Bart Lambert, Dries Tys, Philippe Claeys, Steven Provyn, Christophe Snoeck & Thyl Snoeck.
This programme brings together the VUB’s internationally acclaimed expertise in urban history, archaeology, biogeochemistry and human anatomy to develop the very first platform for the comprehensive, transdisciplinary study of cities in the pre-modern Low Countries. Analysing archaeological contexts with the latest scientific methods, informed by historical questions and cutting-edge medical research, it aims to compensate for the fragmentary nature of written records and revolutionise current understandings of how urban societies functioned and evolved between
1000 and 1800. The programme’s pilot project focuses on late medieval Ieper. Despite the city’s status as an industrial giant and one of the largest urban centres of Europe during this period, its make-up remains poorly understood. For five years, a stable isotope expert and a human osteologist will study 1,200 late medieval human skeletons from Ieper’s St Nicholas parish, assisted by experts in history, archaeology, chemistry and medicine. Their work is expected to provide invaluable new insights into the city’s gender and age distribution, the origins of its inhabitants and their migration patterns, as well as their diets, living conditions and life expectancies. These results will be synthesised in a series of collaborative, peer-reviewed publications. Drawing on additional funding, the platform’s transdisciplinary approach will later be applied to urban societies in other places and periods in the Low Countries and its results placed in a comparative European context.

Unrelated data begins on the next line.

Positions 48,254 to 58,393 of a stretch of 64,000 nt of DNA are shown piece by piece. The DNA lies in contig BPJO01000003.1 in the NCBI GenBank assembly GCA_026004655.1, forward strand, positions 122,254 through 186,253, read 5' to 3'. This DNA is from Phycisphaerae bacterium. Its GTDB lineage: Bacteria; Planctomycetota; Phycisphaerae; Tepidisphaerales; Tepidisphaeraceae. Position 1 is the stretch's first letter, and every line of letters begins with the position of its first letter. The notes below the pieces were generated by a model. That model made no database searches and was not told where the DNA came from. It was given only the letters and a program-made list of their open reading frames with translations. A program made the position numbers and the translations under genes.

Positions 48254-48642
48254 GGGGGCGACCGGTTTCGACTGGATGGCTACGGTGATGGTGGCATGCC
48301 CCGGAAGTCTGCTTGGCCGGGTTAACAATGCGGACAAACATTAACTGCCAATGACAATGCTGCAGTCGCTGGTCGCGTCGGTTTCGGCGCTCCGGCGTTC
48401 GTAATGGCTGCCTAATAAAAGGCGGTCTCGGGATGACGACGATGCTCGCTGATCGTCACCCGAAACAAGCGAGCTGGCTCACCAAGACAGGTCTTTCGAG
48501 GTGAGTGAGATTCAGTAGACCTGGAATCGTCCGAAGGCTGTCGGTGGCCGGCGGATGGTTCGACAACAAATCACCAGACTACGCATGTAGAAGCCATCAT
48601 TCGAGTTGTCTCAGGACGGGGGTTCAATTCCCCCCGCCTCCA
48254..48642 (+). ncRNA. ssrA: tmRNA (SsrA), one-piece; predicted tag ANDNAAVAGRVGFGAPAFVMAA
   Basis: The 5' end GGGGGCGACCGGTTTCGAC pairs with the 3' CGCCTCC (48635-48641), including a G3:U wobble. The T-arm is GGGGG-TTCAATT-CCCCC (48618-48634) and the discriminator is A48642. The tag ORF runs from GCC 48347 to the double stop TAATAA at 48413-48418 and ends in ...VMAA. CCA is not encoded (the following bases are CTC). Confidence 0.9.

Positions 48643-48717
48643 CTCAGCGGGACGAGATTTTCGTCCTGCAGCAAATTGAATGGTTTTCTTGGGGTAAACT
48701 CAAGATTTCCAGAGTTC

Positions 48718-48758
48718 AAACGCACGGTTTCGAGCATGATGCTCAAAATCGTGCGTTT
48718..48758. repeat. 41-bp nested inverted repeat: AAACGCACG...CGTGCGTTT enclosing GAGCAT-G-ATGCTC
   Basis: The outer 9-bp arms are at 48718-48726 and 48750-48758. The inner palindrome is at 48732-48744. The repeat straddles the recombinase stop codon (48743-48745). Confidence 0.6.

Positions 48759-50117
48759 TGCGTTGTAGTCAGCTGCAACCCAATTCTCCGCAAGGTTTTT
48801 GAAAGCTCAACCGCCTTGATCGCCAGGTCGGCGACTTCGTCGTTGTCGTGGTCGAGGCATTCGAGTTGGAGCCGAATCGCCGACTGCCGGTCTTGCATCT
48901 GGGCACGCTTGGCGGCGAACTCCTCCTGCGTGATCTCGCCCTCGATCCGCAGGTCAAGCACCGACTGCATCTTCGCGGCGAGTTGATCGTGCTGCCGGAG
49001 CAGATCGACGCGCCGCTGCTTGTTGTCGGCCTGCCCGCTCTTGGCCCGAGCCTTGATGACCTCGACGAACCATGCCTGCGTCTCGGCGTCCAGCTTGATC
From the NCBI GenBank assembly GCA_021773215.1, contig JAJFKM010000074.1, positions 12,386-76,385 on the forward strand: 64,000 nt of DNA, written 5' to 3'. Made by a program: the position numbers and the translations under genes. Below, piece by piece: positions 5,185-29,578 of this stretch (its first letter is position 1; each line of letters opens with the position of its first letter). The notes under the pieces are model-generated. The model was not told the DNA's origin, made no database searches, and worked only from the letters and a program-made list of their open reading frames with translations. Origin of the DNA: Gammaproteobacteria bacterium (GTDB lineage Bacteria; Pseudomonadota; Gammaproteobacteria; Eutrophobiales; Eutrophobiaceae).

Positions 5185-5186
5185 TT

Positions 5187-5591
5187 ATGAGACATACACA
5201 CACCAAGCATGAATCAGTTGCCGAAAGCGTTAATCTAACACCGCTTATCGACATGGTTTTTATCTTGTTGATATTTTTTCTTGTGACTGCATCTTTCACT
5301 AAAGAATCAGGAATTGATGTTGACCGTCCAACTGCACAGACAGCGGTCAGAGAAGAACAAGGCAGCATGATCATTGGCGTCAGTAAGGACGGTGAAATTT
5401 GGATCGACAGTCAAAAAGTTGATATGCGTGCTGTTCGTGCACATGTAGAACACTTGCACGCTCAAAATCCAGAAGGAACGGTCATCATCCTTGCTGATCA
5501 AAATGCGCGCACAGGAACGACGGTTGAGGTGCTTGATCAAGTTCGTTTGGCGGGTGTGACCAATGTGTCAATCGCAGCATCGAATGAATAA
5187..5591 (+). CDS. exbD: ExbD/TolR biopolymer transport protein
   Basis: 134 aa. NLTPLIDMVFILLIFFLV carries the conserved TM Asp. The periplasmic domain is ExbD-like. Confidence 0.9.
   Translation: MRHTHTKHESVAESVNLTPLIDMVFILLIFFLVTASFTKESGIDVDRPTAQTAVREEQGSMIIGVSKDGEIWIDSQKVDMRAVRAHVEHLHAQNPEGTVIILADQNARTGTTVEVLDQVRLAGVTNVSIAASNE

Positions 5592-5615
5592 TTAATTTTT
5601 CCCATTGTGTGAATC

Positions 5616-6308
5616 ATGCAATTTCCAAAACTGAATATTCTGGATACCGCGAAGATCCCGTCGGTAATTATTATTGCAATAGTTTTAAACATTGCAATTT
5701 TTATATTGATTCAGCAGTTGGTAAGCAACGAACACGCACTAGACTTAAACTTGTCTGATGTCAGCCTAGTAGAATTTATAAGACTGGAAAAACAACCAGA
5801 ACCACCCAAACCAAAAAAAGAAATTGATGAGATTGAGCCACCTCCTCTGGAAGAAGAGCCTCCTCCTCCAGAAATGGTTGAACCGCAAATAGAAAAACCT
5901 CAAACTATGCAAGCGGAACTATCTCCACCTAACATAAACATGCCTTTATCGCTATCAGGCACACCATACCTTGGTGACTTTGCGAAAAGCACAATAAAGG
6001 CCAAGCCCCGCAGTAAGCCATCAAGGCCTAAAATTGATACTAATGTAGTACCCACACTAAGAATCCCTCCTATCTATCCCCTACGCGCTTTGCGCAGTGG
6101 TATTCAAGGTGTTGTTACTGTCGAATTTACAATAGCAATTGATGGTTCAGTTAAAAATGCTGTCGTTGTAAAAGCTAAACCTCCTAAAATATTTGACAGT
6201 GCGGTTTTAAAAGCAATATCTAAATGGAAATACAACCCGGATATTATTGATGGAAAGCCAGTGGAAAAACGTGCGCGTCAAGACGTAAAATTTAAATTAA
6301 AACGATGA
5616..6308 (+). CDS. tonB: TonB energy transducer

FWO PhD fellowship Marta Hlad.
Burned human remains are often encountered in various fields. While forensic scientists deal with fire victims, archaeologists study past communities who practiced cremations as a funerary rite. During burning, bones are subject to high temperatures (up to 1000 °C), resulting in changes in chemical composition and morphological alterations on macroscopic and microscopic levels. These changes, along with fragmentation, make obtaining demographic data challenging. Sex and age estimation and identification of pathological conditions are essential to criminal investigators to help identifying
fire victims and are important for the reconstruction of demographic profiles of past populations.